If you're looking for a new reverb pedal, then check out the new MXR Reverb: it gives you all the most classic reverb sounds, in a compact unit!
Reverb is one of the most traditional and most widely used guitar effects, live and in the recording studio. Even if your guitar amp already comes with a good reverb, having an extra reverb guitar pedal may prove a very useful addition to your sonic arsenal! Even though there are some truly great reverb pedals on the market, the MXR M300 Reverb still manages to impress: there are other pedals that do more, but none does it better than this MXR. Analogue signal path guarantees tonal purity, and the DSP sounds as real and analogue as anyone could hope for... the spring sound is simply amazing!
Check this demo featuring our Dagan from PMT Newcastle.
The MXR Reverb is landing at PMT in the next few days, so visit your local PMT Store to try it for yourself - you will be impressed, trust us! To guarantee yours, you can simply reserve or Pre-Order today on our MXR Reverb product page.
Why Do I Need A Reverb Pedal?
Reverb is that sense of place and depth you hear when sound is reflected off of solid surfaces. Architects have been designing concert halls and other enclosed spaces to enhance this effect with live music for more than a hundred years. Recorded music, however, can sound flat and unnatural if it doesn’t sound as if it actually exists in a physical space, so musicians and producers have relied on a number of methods to recreate the sonic characteristics of playing in acoustically rich environments. It's safe to say that 99.99% of any songs you've ever listened to feature some sort of reverb.
This type of effect can be used on a subtle way, or in more dramatic ways. A musical sub-genre such as shoegaze relies heavily on using lots of reverb, for instance.
The MXR Reverb offers players the history of these methods and then some in a standard MXR box, featuring six distinct high end styles exquisitely crafted and tuned by the award-winning MXR design team. It’s got a simple three-knob setup, a hi-fi analog dry path, and a massive 20 volts of headroom thanks to our Constant Headroom Technology™ so that it plays exceptionally well with distortion, modulation, and other effects.
For guitarists who use vintage-style, valve amps with no reverb, usually having a pedal that simulates spring reverb is essential. The MXR M300 does this type of reverb, and much more. This is a precious tool to have in your on-stage rig or in the studio.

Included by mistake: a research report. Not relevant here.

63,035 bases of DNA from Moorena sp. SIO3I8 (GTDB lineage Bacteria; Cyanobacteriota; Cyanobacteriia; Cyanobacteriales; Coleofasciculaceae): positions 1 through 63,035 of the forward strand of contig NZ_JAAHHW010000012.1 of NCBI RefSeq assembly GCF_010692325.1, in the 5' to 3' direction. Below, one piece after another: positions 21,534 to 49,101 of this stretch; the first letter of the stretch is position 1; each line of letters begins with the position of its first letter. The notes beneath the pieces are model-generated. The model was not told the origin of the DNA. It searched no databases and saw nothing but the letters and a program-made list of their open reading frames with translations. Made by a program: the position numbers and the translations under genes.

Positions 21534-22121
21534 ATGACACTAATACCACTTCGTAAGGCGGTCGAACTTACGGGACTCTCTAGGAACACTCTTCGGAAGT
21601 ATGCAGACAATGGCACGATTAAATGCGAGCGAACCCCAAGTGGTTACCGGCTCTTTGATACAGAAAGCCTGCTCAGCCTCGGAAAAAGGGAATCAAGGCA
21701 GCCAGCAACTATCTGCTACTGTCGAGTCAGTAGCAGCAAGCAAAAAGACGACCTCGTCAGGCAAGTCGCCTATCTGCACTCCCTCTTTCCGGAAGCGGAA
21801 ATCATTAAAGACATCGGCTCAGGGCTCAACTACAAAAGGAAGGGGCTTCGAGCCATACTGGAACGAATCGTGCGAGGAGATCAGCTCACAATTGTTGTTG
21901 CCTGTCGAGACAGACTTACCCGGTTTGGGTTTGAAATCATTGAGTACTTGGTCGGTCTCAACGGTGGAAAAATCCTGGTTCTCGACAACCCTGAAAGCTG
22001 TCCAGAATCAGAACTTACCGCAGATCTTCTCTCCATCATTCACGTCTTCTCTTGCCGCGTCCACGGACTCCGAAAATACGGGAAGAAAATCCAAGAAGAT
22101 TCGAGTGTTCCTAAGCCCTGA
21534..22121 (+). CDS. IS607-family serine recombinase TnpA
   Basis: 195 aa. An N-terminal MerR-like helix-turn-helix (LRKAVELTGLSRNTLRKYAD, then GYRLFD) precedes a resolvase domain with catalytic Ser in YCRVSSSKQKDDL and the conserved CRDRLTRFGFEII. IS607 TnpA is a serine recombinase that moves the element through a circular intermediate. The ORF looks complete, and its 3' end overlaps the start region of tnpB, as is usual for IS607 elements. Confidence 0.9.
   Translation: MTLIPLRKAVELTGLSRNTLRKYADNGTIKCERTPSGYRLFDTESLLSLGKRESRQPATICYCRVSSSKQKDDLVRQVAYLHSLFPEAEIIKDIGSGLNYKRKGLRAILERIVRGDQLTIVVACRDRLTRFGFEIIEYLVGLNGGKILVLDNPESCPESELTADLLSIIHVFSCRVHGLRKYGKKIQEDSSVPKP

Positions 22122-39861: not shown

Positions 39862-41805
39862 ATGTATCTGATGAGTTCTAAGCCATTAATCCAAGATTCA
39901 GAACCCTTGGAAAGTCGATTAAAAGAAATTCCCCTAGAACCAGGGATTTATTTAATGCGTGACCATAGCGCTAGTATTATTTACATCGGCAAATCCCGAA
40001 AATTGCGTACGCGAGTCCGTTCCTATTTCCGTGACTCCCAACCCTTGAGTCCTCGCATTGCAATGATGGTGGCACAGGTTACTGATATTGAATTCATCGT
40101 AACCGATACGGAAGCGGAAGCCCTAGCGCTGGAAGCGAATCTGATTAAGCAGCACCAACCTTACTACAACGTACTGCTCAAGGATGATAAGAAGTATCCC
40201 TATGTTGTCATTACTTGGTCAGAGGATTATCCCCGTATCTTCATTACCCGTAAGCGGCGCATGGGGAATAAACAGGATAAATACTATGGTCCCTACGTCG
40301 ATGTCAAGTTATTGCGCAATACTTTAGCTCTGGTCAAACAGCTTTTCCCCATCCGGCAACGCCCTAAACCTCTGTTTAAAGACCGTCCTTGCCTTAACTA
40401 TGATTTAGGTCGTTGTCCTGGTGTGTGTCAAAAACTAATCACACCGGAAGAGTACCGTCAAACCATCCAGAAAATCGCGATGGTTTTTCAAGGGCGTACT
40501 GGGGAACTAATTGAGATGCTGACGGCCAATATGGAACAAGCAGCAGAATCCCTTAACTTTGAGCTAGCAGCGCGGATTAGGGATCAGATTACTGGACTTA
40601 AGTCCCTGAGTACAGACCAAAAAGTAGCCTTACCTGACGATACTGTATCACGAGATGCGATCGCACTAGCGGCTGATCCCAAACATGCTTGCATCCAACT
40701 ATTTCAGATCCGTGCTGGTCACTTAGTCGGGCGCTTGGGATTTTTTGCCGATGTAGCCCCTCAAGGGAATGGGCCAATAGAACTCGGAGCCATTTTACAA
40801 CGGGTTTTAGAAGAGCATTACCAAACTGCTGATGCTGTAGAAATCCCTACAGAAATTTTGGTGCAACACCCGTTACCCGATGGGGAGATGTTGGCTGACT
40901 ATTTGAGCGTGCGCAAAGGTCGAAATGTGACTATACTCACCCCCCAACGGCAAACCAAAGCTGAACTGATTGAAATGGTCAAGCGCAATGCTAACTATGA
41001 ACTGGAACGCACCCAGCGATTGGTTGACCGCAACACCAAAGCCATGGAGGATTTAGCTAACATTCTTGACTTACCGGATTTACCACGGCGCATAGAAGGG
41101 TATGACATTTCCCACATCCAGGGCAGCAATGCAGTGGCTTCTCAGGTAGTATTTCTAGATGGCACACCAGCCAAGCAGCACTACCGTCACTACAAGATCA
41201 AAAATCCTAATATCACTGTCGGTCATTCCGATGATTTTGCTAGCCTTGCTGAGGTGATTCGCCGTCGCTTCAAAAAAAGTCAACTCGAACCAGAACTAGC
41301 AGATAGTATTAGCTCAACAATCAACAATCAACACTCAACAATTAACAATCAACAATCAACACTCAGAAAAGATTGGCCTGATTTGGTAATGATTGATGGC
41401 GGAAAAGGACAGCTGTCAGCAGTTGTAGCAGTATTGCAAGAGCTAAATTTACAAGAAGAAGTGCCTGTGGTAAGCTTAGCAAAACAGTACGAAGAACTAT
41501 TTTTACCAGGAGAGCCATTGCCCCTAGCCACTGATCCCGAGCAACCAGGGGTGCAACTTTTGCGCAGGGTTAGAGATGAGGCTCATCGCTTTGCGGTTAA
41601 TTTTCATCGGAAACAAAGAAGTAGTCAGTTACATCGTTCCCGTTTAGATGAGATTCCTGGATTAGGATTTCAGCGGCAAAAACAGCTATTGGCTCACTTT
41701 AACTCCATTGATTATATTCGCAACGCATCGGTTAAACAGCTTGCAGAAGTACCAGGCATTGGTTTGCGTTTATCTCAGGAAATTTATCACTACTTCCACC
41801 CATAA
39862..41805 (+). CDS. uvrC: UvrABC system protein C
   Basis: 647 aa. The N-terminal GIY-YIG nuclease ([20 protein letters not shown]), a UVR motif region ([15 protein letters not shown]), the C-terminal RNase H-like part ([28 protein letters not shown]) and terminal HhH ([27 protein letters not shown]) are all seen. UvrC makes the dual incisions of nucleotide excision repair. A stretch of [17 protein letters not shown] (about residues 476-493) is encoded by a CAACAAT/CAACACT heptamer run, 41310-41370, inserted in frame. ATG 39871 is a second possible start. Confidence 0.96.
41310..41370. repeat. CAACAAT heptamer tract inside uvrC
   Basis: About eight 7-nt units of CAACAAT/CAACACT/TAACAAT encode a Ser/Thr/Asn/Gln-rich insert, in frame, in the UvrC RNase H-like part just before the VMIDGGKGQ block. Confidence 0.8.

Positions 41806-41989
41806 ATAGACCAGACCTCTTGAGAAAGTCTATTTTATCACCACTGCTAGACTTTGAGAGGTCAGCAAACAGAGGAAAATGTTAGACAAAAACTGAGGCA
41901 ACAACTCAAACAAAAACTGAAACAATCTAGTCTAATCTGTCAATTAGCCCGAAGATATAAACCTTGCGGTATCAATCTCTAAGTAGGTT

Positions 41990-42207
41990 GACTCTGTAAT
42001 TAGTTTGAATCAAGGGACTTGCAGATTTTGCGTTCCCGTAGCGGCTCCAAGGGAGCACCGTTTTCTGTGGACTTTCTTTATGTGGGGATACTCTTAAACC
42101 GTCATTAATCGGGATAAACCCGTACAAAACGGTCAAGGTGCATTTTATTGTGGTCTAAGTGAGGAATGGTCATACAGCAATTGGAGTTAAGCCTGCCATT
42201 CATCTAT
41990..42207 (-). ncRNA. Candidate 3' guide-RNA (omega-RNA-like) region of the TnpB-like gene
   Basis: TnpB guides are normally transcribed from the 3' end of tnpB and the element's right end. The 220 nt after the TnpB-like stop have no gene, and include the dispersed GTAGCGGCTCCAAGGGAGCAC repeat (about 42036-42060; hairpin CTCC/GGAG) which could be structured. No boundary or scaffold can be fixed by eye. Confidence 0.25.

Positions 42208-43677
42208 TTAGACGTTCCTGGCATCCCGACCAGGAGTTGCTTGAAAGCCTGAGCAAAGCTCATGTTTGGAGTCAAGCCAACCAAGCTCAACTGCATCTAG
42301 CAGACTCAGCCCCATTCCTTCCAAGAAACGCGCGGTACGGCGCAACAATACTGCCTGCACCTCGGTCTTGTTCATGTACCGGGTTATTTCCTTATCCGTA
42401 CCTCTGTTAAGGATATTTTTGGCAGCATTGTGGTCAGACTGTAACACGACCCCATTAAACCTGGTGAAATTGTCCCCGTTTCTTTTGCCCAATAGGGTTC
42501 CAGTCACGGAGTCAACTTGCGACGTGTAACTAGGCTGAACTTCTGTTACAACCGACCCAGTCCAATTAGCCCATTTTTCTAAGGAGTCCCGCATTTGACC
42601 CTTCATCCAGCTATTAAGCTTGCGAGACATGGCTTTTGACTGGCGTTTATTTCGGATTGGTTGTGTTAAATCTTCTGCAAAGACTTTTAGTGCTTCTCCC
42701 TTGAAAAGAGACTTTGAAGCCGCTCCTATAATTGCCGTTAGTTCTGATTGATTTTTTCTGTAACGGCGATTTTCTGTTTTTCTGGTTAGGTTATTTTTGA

Different Reverb Types Explained:
Here's a brief description of the reverb types featured on the MXR M300 pedal. It really represents the history of reverbs!
With the advent of recorded music, one of the first solutions to the “flat sound” problem was to play music inside of an enclosed space with a microphone sending the signal to a mixing board. The first of these “reverb chambers” was a bathroom, but specially designed rooms were eventually built into the recording studios themselves. The Room setting captures the sound of those reverb chambers, adding subtle body and projection to your guitar tone at shorter decay times while longer decay times yield rich organic space that doesn’t wash out. Think old blues and jazz recordings. This setting is also great for livening up a dead recording sound.
Plate-based reverb—which creates its effect through the vibration of large, thin metal plates—was the next step in studio reverb evolution. It became the standard for recording studios because of its clean, bright sound, and, while quite heavy, they could actually be moved around. The Plate setting provides a shimmering smooth wash of space that’s a go-to choice from the studio recording world. Use this setting to give your signal a classically lush, “hi-fi” sound, make up for dead venue acoustics when playing onstage, liven up a flat recorded sound, or bind all of the elements of your tone together.
Spring-based reverb as we know it today uses a transducer to vibrate one or more springs while a pickup transmits the generated sounds. Whereas plate units were large and expensive, spring units were small enough to put into amplifiers, and their low cost meant that the average guitar player could afford them. This style became a crucial component of old school surf rock tone. Use this setting to recreate the classic bounce and twang of classic amp-style reverb. Like the Room and Plate styles, Spring style is great for revitalizing a flat recorded sound, and like the Plate style, works great as a “tone binder.”
The Epic setting sounds like you’re playing in a large, voluminous space such as a cathedral or a cavern. Think Pink Floyd. This setting is perfect for creating atmospheric, otherworldly environments.
The Mod setting combines smooth plate reverb with richly organic modulation in the feedback path. Use this setting to get classic shoegazer tones, liven up a dead recording, or create fluid, ethereal textures.
The Pad setting generates long synth sounds with a unique combination of sub-octave and octave-up with echoes mixed with synth/organ modulation and reverb, unlocking an expressive tonal palette that’s perfect for creating rich, arresting soundscapes.
Excited yet? Order your MXR Reverb today, and be one of the first to own this amazing new pedal!